Sunday, April 3, 2011

SLOW sourdough, potato bread

Since September 2010 we have experimented with making our own bread. After a lengthy search of our town for a sourdough starter I ordered a dried packet from San Francisco (it is one of the "homes" of sourdough cooking) and began the process. We decided to go with spelt flour. Spelt is an ancient grain, actually the precursor of modern wheat, which has less glutin and higher nutrients than wheat.
From the beginning we fed spelt to the starter and began making bread.  There were some disasters along the way - a clay romantopf pan purchased at Goodwill exploded in the oven making a mess with a very distinctive sound - but the results have been quite edible. Our goal became a loaf with good crumb, savory flavor and a nice rise for sandwiches or toast.
That goal became closer last week with the discovery of "slow sourdough bread", a process of allowing the bread to rise over a period of days rather than hours. This resulted in the texture we were looking for but not quite the rise.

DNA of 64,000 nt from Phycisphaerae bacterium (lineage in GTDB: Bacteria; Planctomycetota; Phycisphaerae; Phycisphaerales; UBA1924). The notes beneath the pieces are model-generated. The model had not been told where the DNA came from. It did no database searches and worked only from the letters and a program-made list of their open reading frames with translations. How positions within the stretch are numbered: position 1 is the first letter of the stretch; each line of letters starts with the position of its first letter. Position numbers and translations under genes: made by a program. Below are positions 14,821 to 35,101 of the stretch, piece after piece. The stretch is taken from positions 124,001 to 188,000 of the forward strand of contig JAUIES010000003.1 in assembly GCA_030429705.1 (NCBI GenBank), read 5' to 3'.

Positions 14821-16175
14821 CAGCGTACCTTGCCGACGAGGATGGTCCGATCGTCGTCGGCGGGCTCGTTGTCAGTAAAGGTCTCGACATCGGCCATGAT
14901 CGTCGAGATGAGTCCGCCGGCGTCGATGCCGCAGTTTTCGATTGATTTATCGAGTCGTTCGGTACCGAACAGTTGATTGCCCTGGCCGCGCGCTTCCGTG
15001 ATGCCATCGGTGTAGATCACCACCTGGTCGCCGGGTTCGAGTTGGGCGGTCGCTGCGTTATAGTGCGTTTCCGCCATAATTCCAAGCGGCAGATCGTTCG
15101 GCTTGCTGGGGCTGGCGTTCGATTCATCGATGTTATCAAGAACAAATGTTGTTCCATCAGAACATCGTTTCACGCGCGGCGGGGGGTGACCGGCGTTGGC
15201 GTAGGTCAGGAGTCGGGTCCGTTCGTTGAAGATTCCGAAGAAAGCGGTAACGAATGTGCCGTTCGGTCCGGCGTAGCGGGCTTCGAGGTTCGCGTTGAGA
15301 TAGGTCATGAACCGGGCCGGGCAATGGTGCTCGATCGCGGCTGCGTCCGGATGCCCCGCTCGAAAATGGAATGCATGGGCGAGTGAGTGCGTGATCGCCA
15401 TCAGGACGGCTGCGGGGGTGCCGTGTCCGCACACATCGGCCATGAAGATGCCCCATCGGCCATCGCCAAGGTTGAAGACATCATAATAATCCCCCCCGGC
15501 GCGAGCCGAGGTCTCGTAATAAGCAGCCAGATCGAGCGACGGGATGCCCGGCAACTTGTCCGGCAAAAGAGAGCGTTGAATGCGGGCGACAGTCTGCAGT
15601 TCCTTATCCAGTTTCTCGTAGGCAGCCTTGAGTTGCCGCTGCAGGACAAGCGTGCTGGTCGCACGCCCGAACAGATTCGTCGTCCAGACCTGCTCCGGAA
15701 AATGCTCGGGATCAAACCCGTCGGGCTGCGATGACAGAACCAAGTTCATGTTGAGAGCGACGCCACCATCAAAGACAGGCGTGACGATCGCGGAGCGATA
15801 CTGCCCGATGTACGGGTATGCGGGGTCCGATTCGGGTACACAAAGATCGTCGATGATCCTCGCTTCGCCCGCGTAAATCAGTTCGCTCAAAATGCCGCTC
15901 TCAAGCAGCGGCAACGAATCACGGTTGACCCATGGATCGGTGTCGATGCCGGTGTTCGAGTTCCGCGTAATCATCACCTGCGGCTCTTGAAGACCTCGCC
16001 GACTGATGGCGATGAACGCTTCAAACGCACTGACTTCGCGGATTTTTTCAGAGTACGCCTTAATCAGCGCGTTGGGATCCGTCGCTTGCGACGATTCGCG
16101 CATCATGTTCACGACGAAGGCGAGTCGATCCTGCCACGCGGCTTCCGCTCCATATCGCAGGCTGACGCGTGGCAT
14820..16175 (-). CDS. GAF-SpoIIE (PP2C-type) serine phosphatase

While watching the Horticultural Channel tv (BBC) on You Tube, one of the presenters made bread using left over mashed potatoes. "Ah, Ha" I said, "Let's add that to our sourdough and see what happens."

Three days rising, adding the spuds and a rise over night resulted in these nice looking loaves.

Now they are in the oven so we shall see how it turns out.

Slow Sourdough Potato Bread from the Tworivers Kitchen

1 cup sourdough starter
1 cup spelt flour
Mix in a large bowl with enough warm water to make a soupy consistency. Cover tightly and leave it in a warm place. Every 3 hours add a half cup of flour and more warm water. Do this for 3 to 5 days every 3 to 5 hours or so.
The night before your baking time add
1 cup mashed pototoes
2 tsps sea salt
1/3 cup extra virgin olive oil
1/3 cup brown sugar

Mix well,  by hand if necessary, turn out onto floured counter and knead until smooth. Put in an oiled bowl, turning to coat the surface and cover tightly.
Next morning, gently punch the dough down, divide in half and place in oiled and floured baking pans. Let rise until double.
Preheat over to 375 degrees F.
Bake for 45 minutes until golden brown and tested done.
Remove to cooling racks and enjoy.
Yes, this takes times but you can do other things, even go to work while the process goes on by it's self. A nutritious, affordable loaf of bread is a worthwhile result.

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